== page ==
2B40.15 - Buoyancy - Finger, Water, and Scale
Place the beaker of water on the scale and tare the scale. As you press your finger into the water the scale reading will increase. Basically this reading is a direct measurement of the buoyant force that the water is exerting on the finger.
- Amanda C. Tenhoff, Adam J. Gerenz, and Jeffrey A. Jalkio, "Buoys and Springs – Building Connections Between Math and Physics", TPT, Vol.54, #9, Dec. 2016, p. 556.
- Alpha E. Wilson, "Buoyant Beaker Balls: Another View", TPT, Vol. 54, #8, Nov. 2016, p. 452.
- Paul Hewitt, "Hewitt's Response", TPT, Vol. 54, #3, Mar. 2016, p. 132.
- Carl Mungan, "Buoyant Beaker Balls", TPT, Vol. 54, #3, Mar. 2016, p. 132.
- Paul Hewitt, "Answer to January 2016 Figuring Physics Question", TPT, Vol. 54, #2, Feb. 2016, p. 124.
- Pirooz Mohazzabi and Mark C. James, "A Simple Apparatus for Demonstrating Fluid Forces and Newton's Third Law", TPT, Vol. 50, #9, Dec. 2012, p. 537.
- James J. Carr, "Demonstrating Newton's Third Law", TPT, Vol. 42, #3, Mar. 2004, p. 132.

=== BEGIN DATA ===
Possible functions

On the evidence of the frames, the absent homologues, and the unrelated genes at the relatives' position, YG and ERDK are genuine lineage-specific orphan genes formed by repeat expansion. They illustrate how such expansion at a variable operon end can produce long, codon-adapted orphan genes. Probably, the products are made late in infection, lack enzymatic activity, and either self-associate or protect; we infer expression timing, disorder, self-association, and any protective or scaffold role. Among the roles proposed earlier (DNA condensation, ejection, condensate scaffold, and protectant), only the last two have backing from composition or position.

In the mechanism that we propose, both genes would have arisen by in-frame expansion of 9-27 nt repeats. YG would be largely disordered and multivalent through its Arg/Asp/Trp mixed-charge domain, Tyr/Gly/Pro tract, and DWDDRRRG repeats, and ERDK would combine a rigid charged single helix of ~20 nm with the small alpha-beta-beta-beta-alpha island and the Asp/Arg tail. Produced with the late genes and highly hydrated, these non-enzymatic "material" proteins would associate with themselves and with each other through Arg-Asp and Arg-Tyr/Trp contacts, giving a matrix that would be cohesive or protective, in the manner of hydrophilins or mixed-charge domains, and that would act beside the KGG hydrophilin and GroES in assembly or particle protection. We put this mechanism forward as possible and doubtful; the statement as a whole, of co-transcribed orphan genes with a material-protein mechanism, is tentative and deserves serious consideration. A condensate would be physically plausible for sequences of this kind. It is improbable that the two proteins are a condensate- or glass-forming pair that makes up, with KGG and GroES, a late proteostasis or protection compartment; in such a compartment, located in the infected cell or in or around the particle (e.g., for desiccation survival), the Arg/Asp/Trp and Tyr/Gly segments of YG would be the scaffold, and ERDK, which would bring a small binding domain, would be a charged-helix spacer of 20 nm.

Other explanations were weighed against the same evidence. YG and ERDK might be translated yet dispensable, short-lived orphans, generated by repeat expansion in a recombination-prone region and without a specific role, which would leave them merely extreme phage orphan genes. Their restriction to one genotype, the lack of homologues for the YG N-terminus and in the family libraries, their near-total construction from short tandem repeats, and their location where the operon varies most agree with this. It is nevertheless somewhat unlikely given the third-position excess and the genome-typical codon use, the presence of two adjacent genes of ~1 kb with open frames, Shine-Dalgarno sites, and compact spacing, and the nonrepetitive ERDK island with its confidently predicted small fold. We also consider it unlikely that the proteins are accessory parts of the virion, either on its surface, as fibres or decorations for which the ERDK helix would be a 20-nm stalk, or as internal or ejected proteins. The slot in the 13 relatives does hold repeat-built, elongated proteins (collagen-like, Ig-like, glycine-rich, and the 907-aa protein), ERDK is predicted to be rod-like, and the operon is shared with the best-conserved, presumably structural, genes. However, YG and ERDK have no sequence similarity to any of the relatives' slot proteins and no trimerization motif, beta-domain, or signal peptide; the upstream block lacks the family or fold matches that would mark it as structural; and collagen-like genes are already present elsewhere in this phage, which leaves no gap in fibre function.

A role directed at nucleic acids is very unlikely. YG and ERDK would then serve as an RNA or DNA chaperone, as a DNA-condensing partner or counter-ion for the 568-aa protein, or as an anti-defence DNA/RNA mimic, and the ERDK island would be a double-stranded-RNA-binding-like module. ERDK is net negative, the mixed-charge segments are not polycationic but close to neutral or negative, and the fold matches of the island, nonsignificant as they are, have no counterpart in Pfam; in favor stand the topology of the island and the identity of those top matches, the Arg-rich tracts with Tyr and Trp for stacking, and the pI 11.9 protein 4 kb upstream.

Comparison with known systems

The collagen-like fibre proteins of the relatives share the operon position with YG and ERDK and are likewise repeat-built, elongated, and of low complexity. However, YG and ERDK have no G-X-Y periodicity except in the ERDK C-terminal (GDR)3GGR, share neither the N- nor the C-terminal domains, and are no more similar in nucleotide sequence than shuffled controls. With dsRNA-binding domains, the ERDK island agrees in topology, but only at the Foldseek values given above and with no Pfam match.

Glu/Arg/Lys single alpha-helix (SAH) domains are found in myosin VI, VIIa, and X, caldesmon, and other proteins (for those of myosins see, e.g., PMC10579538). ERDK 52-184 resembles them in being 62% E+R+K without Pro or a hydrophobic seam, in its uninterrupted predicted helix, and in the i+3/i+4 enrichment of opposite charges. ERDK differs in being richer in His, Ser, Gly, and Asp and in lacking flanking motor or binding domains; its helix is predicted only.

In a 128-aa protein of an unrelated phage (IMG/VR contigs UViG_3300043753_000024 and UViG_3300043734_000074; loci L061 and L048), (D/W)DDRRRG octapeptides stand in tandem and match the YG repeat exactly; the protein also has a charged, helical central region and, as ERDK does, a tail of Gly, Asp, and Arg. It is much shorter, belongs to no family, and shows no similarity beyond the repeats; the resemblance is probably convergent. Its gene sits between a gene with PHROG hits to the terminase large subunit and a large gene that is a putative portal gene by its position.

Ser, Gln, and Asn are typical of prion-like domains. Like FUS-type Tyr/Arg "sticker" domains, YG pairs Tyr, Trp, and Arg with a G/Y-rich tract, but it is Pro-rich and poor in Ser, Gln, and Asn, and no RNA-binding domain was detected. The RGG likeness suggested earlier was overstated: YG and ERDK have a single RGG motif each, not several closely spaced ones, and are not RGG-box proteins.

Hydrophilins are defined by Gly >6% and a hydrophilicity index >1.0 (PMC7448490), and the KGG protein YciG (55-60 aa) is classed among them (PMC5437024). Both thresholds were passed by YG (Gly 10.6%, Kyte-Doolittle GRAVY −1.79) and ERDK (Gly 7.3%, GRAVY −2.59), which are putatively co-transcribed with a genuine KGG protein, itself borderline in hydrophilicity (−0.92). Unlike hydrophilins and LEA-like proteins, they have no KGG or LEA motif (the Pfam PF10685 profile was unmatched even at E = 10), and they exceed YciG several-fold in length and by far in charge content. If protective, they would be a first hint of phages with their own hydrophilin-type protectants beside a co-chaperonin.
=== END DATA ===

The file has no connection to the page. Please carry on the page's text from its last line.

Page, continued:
- Paul Hewitt, "Figuring Physics: Submerged Teabag", TPT, Vol. 41, #7, Oct. 2003, p. 384.
- Paul Hewitt, "Figuring Physics: Beaker and Water", TPT, Vol. 39, #4, Apr. 2001, p. 204.
- Eric Kincanon, "Explanation of a Buoyancy Demonstration", TPT, Vol. 33, #1, Jan. 1995, p. 31.
- Robert Ehrlich, "6.3, Buoyant Force on your Finger", Why Toast Lands Jelly-Side Down, p. 102.
- R. W. Pohl, "7. The Upward Thrust of Liquids on Solid Bodies Immersed in Them", Physical Principles of Mechanics and Acoustics, p. 163.
- Martin Gardner, "Finger in the Bowl", Entertaining Science Experiments with Everyday Objects, p. 83.
- Borislaw Bilash II and David Maiullo, "Fingering Out Buoyancy", A Demo a Day: A Year of Physics Demonstrations, p. 188.
- Janice VanCleave, "4, Weigh Your Hand", Teaching the Fun of Physics, p. 13.
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